It seems redundant to detail the events of “Day Is Done” considering Gerald “Coop” Cooperberg does such a fine, succinct job of summarizing the episode, and most of the season, in a heart-to-heart talk with Kevin:
I had to break up with Donna after Yaron tried to make us have a threesome. And then Tigerclaw showed up because Andy stole Katie away from Blake and they tried to destroy the camp. And then, well right after that, President Reagan and the U.S. military also tried to destroy the camp, but that was after they also shot Eric, the hermit who lived at camp and turned out to be a musical legend. And then that new counselor Lindsay? Well she saved us all because she was secretly a rock magazine journalist. And then Gail blew off Jonas at their wedding, and his name is actually Gene and he fought in Vietnam. And Gene also got beaten up by an assassin named Falcon, who tried to kill Beth and did kill Greg and this guy Jim Stansel, but then he turned out to be good the whole time, which I acknowledge doesn’t really make any sense, and he was only here to protect Mitch, who was turned into a can of vegetables. And then also Ben and McKinley are dating, Susie hooked up with Claude, Neil got laid, Victor didn’t get laid, and Abby got her period. So, it was a hard day.
‘Twas a hard day indeed at Camp Firewood, which following the cruel, cruel events of “Day Is Done” is now officially to summer camps as Electro-City is to cities. Even without Coop’s very helpful TL;DW summary, “Day Is Done” is a neat encapsulation of everything that’s great about Wet Hot American Summer: First Day Of Camp. It has the absurdist humor, triumphant music, and weirdly high stakes that made the movie a cult classic. It’s likely the last we’ll ever see of the Camp Firewood gang, considering it’s kind of a miracle Michael Showalter and David Wain were able to get the band back together in the first place. If “Day Is Done” is indeed the last new story set in the WHAS universe, it’s a terrific final chapter.
The forces of evil bear down on Camp Firewood, and there are a hell of a lot of them. The government, led by President Ronald Reagan himself, leads an army into the camp to destroy it and capture Mitch, lest the truth of the Xenstar conspiracy come to light. (Seems like a lot of trouble to go to for a toxic waste spill, but no one tells The Gipper how to do his job anymore than they would try to tell him what chewy confections to eat by the handful.)
The military siege leads to one of the show’s most hilarious sequences—a balletic, cookware-heavy fight between Gene and The Falcon. That fight scene might be my favorite scene of the series because of how well it it’s choreographed and shot. Gene and The Falcon have impressive fighting styles, and they make such good use of the kitchen environment, the scene could easily fit in a Bourne movie with some slight alterations. (Specifically, fewer pots, less appliance humping, and a slightly less perceptible stunt double.) In a Bourne movie there also wouldn’t be a nonsensical “man on the inside” twist as there is here. Beth wants answers from The Falcon, which is reasonable what with the assassinations of Greg and Jim Stansel. Unfortunately, The Falcon really has a thing he needs to get to.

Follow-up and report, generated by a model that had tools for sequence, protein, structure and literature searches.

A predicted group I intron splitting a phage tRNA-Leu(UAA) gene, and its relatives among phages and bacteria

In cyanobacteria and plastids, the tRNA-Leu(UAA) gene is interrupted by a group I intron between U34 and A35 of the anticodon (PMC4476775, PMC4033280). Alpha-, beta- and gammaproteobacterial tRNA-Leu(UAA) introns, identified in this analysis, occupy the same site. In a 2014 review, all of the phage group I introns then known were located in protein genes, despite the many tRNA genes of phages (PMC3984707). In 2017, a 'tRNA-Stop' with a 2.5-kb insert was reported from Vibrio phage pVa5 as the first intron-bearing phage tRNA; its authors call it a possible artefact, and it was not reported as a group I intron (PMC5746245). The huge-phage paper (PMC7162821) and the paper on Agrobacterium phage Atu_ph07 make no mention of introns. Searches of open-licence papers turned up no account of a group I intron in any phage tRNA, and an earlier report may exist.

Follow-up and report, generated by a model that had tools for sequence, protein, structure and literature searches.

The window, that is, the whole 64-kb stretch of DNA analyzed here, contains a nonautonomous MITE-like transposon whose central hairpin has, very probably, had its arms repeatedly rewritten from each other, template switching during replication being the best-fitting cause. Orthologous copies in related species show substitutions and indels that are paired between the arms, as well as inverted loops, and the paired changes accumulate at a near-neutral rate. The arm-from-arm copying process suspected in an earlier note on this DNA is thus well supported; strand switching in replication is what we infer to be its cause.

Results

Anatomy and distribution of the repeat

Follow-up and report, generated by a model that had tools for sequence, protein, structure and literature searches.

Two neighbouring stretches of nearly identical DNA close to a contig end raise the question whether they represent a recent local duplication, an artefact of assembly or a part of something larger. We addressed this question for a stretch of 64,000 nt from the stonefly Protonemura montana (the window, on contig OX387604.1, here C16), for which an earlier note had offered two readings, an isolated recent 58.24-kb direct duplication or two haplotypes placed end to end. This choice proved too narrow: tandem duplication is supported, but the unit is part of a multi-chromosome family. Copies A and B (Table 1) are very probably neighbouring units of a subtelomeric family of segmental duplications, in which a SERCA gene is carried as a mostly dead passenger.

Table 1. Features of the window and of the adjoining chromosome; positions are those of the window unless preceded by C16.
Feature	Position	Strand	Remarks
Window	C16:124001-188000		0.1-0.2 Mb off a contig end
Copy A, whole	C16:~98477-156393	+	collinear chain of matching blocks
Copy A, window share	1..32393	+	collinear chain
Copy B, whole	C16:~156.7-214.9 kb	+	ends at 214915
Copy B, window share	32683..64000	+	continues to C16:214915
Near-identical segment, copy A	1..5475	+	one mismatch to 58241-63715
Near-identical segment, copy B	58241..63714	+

As if that weren’t enough to deal with, the preppy savages of Camp Tigerclaw lead their own siege on the camp after being spurred into action by a spurned Blake. Say what you will about the Tigerclaw campers, but there’s no denying their stylish weaponry choices, which include a fraternity paddle and a jai alai basket.
In another one of my favorite moments of the season, Coop tries to reason with the warring factions, which have apparently been in a state of detente since the 1978 Accord of Lake Winnisuki. Coop is understandably concerned about the ramifications of disrupting the peace, but the war is already in motion and no voice of reason can stop them. No speaking voice, anyway, but Eric’s dulcet singing voice does the trick, and he’s martyred for his troubles. Fortunately this is WHAS, where canned goods can auto-fellate, people can hold conversations with bullets lodged in their heads, and even a crushed skull can’t keep a musical genius down. If only the real world worked like Camp Firewood, then another season of this wouldn’t be such a crazy thing to hope for.
- Blake: “This loser’s dad cleans my family’s pool.” Andy: “He isn’t cleaning your pool when he’s sucking on your mama’s big ol’ pancake titties.” To be fair, it’s conceivable that someone could be sucking on pancake titties and cleaning a pool simultaneously, but it seems unlikely.
- “He’s latticing my face!” - Guy Who Got His Face Latticed
- Everyone took Eric’s death pretty hard, though Lindsay seemed to get over it pretty quickly after learning her camp friends had forgiven her. Eric did, indeed, save friendship with his song.
- Wikipedia has an exhaustively researched, credibly sourced article about the 1978 Accord of Lake Winnisuki in case anyone’s interested.
- Andy to Katie, his new girlfriend: “Oh shut up, you’re egregious.”
- Yaron and Donna are leaving to explore each other in a yurt. So…
- Nurse Nancy: “Let me know if you need a diaphragm. For your pussy.”
- Drew and Kevin quickly reconciled, then bonded over Yahtzee, which is somehow even sweeter an ending than if Amy had returned.
- Give it up for McKinley on bass and DJ Ski Mask on drums! Now that’s what I call a rhythm section. (That might be a sexual innuendo of some kind but I haven’t worked it out yet.)
- I love the Switch Ops tattoo: